|Rainbow over the Tanaro|
A few hours later he texted me. “I called the owner over, complimented them on the food. Said I won’t come back on (account of) the wine list. There are many great Italian wines in the $40-60 range. With entrees at $25, a wine at $100 isn’t a balanced list.”
He then called me to give me the blow-by-blow. The bottom line was the owner asked him which wines he wanted on the list. My friend said it wasn’t a matter of which individual wine; it was a matter of having a better balanced wine list. He remarked to me, in closing, that he didn't think the owner of the restaurant got the message.
I took a look at the list. There were a dozen or so Chardonnays, mostly from Napa and Sonoma. Same with Cabernets. There was an “other white wine” section with five wines, one from Argentina, two from Texas and two from Italy. Two of the wines were Pinot Grigio. The Italian red wine section , there were seven wines, a Chianti under $50, a Super Tuscan blend under $75 and five wines ranging from $130+ to $270+. Clearly the wine list was a disappointment to my friend. But on the restaurant web page, the owners claim to be wine lovers and collectors. Where is the disconnect?
Surely there is no lack of desire from those of us in the trade to try and help them figure this kind of thing out. Maybe they hired a consultant. In any event, I’m not sure who the target audience is. I can't even say (if these folks were to ask me to come over and talk to them about these matters) if they would understand what I would be trying to communicate. It might come off as some indecipherable Sicilian dialect. But that’s probably not going to happen any time soon. Not that I would ever ignore their call.
What I’d like to do, in place of that, is to point them, or anyone interested, to several wine lists around the country where folks have made an outstanding effort at bringing Italian wines to the table with their food. Seeing as I just returned from Northern California let’s start with a new one in Oakland.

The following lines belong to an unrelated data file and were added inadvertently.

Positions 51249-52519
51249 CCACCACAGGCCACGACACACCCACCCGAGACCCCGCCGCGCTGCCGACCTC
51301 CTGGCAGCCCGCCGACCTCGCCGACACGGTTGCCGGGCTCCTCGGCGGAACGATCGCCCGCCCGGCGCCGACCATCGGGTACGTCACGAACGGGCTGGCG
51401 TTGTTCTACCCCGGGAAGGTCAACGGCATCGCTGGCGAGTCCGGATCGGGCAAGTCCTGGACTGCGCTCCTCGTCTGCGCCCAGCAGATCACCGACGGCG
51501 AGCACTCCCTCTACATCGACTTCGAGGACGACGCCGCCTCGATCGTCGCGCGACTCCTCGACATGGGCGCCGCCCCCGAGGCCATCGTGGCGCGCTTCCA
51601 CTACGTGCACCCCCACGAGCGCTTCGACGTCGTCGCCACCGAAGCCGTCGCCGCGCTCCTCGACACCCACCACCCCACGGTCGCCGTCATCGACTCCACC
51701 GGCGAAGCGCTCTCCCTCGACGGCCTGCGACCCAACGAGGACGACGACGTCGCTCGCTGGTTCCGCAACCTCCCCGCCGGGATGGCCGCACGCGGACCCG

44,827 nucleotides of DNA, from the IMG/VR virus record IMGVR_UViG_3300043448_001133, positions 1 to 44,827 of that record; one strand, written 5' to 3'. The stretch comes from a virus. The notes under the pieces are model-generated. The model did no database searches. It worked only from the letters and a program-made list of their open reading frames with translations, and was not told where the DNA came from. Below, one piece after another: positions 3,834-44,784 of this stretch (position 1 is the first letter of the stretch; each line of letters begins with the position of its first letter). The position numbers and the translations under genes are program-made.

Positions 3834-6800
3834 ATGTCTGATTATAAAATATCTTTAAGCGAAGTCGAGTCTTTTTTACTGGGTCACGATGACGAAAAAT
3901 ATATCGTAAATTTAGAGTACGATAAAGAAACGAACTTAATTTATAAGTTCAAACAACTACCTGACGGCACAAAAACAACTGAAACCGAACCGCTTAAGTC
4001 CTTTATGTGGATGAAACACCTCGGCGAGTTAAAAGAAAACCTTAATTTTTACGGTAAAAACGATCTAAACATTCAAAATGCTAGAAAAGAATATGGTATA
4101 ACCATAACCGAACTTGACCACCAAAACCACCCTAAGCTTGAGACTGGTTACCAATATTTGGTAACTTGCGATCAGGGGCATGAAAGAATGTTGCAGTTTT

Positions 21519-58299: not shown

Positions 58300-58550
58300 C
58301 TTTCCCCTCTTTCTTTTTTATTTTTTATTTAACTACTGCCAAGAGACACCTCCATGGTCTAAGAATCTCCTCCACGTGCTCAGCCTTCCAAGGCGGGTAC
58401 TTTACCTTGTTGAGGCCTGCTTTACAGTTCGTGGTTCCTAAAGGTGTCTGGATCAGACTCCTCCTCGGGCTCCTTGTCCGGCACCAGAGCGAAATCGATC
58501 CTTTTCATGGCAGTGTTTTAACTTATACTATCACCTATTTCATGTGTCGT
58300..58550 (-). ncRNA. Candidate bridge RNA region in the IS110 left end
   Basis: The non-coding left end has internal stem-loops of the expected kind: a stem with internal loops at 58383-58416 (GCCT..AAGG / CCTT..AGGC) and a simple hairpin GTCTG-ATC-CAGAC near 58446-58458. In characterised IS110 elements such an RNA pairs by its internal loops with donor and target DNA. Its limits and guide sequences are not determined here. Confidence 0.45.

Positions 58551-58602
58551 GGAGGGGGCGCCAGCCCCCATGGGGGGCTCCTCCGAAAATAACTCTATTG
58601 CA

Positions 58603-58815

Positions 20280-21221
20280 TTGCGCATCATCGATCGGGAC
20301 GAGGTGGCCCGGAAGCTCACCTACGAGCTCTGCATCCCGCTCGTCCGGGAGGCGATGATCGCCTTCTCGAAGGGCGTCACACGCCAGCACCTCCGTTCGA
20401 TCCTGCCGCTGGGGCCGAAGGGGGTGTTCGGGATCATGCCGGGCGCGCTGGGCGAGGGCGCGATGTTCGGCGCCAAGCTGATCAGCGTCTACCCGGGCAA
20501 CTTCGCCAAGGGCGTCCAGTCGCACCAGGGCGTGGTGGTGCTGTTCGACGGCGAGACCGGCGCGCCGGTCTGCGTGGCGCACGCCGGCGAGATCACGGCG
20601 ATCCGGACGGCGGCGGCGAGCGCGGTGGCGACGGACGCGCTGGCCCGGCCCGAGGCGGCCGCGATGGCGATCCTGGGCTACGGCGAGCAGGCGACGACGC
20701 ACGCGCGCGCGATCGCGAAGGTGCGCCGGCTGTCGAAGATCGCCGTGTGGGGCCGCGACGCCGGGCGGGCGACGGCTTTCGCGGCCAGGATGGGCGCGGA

|A16 in Oakland is worth the trip for the Sicilian section alone|
I would point them to that restaurant tell them to go there for a weekend and eat and drink and the come back to Texas and make some changes.
|Frasca's heraldic tome makes me want to move to Colorado|
• Crisp & Clean, Light & Lean
• Floral, Aromatic, Exotic
• Full Bodied, Rich & Round
Yes, it is a large list, but that isn’t the point. The issue is about balancing the food with the wines, not cowering to the supposed needs of the local diners. Boulder isn’t any more or less sophisticated than Dallas. But again, the owners have made the commitment to not just talk the talk, but to put it out there on the wine list. And folks come from all over the world to dine at Frasca.
|Il Buco's Vineria makes urban pressures seem more manageable|
What it all boils down to is this: making a commitment to being an ambassador for good tasting wines, whether they be from Italy or California or anywhere in the world. Forget what you think your clients are looking for. They are looking for a good time. They are looking to eat and drink well. They might actually be better traveled than you. They probably aren’t looking to take a 2nd mortgage out on their house to be able to eat and drink in your place. How hard is that to figure out? And yet everyday, folks mortgage their lives to get into the business and start up a place. And then wonder why folks like my friend won’t be coming back. They need to attach a set of ears to their hearts and listen to the music that the wine gods are playing.
It wasn’t easy for Shelly Lindgren and her partners when she started A16 in San Francisco, then a bastion and a shrine to California wine. But that little highway in Southern Italy made a deep impression - they took a leap of faith. In May they opened their third restaurant, the one in Oakland.
And Boulder? Not exactly an urban hub. Very limited population and a seasonal one at that, along with a cash-strapped and transient student population. Now Frasca is a mecca, a draw, another reason to visit Colorado.
And New York? Yes, it is an urban aggregation of unparalleled significance. It is the big league. All the more reason for it to fail, with competition, taxes and unfathomable expenses required to keep the doors open.
|Sotto's exemplary list in LaLa land|
It’s that easy.
written by Alfonso Cevola limited rights reserved On the Wine Trail in Italy
wine blog + Italian wine blog + Italy W